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Jonathan Aquino
Mx. Cody
English 5
5/19/17
The Ouroboros Known as Identity
I perceive gender as an endless process one endures during which they are what they are

which itself is molded by the experiences, interests, and feelings of the given individual until

what they are is altered by a given experience which the mind processes and responds to

resulting in a different perception of what they were initially. Our class discussions on the nature

of gender and sex, in combination with readings given to us, give more clarity to the

distinguishing the two apart but ultimately leave more questions than answers. Personally, I

identify as a male but recognize that growing up I have attained qualities that are part of my

identity which do not exclusively adhere to the male persona and that these same qualities will

not affect my future perception of my own gender. A persons identity may also find its way into

ones writing by taking numerous forms like characters and emotions brought on by the

experiences of the characters while also shaping the writing of a given person by conveying the

struggles and ideals they experience through their story. Even as I type now, the concept of ones

own gender is hard to put a concrete definition on because it is part of identity which itself is

something too mobile for one to solidify in mere words. Im going to try and express this as best

as I can.
First, our class discussions and readings on the nature of gender and sex allow one to

distinguish between the two but leave more questions than answers. At the beginning of the year

our class analyzed a handout detailing the difference between gender and sex by West and

Zimmerman. Sex itself is something based on an individuals genitals or socially agreed upon

biological material (West and Zimmerman 127). Gender, however, is something someone

identifies as and falls on a spectrum with the two extremes being masculine and feminine.
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Further in-class discussion on gender revealed it is part of ones identity and opens up a plethora

of questions. What is gender? I think of gender as an endless process one endures during which

one forms an identity from their experiences, interests, and values, but this identity eventually

alters itself to a varying degree because of new experiences that bring about thoughts and

feelings which result in a somewhat new frame of mind. This connection to identity and process

of using experiences as beacons for self-discovery and change bring about another question. If

gender itself is reliant on something as dynamic as thoughts birthed from experiences, does that

mean gender can never really be held to ones personal set definition? Is it something we

ourselves can never completely understand? I believe we walk away from any experience with

something that changes our identity and we pit our thoughts and past experiences against new

ones in hopes of uncovering something new about ourselves or about something around us. The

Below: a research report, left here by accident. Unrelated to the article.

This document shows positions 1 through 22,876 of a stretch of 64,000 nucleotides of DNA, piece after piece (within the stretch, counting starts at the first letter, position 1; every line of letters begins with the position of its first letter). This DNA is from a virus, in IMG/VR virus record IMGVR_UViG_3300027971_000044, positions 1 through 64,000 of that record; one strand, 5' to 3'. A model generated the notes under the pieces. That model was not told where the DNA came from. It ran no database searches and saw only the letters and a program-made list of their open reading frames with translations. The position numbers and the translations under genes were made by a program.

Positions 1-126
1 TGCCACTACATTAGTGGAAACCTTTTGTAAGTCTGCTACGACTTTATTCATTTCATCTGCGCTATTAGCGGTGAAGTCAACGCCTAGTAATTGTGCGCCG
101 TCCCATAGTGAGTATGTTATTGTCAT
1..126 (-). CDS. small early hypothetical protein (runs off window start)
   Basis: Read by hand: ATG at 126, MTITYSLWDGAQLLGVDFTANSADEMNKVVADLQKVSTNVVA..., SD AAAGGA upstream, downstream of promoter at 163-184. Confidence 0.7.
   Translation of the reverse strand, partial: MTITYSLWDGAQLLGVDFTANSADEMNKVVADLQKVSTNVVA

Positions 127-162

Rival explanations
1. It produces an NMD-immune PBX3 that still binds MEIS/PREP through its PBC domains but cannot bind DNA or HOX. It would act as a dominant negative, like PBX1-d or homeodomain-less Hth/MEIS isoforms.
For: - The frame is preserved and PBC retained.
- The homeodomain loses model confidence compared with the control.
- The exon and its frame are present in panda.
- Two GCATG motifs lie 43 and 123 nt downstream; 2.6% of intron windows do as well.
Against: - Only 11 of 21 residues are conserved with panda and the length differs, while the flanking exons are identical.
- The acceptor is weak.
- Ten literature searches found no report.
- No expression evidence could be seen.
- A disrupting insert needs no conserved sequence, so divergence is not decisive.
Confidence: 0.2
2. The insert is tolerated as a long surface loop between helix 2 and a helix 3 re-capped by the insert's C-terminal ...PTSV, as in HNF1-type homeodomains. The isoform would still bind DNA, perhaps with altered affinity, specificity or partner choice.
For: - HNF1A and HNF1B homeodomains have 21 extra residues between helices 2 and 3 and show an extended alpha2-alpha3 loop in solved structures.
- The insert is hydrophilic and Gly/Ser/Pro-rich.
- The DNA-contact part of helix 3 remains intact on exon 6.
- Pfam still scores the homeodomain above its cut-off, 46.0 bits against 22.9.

change itself, mind you, can vary from minute to immense. All these questions surround gender

and speak to its ambiguity which bring to light so much more to consider about gender than one

might take at face value. In short, the class discussions and readings on the nature of gender and

sex allows one to distinguish between the two but leaves more questions than answers.
I personally identify as a male but recognize that growing up I have developed qualities

that are part of my identity which do not exclusively adhere to the male persona and that these

same qualities will not affect my future perception of my own gender. The stereotypes or master

narratives of gender would have one believe many things about being a man or woman. For

example, a man is believed to hide their emotions and take pleasure in being strong or proving

their strength whereas a woman is believed to be very emotional and derive pleasure from

being elegant or practicing obedience. Stereotypes also deem certain occupations and activities

appropriate and belittle those who stray from their gender-charged occupations. One prime

example would be cross dressing because using makeup and wearing clothing opposite of ones
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gender is something that leads people to believe an individual is less masculine or feminine

which, according to some, is wrong. This exact mindset can very much be seen in Stone Butch

Blues when Jess is belittled at the doctors office for not looking feminine enough (Feinberg 235-

236). The fact that she needed to look a certain way to be granted service demonstrates the

hostility given to those defying gender norms because Jess didnt look like a woman and was

almost turned away because of that. This leads me to my own thoughts on stereotypes and my

identity.
In my eyes, such master narratives are meaningless. The annoying hubris that

accompanies these stereotypes gives people a reason to demean others which is why I detest

them. I would say as a child was when I valued how I was gendered. My brain seemed to

consider strength and masculinity the same which is why I took fencing classes. This image

would be a good representation of my identity at the time because it shows that I valued skill

with a blade and sought to prove masculinity using that skill (Verhasselt, Mathias Lion Knight).

However, after X amount of years, I became a teenager and found that my interests lay

elsewhere. The value I once had for masculinity had diminished in a way. Shaving certain parts

of my body, plucking eyebrows, and having conversations about inner thoughts and emotions

were things I enjoyed which conveys I didnt mind stepping out of my gender norms. I believe

for one high school project I even went in full drag and had no problem running around campus

dressed as the opposite gender. A good way to convey my comfort in stepping out of gender

norms would be for me to refer to a Buzzfeed video. The Buzzfeed video shows men getting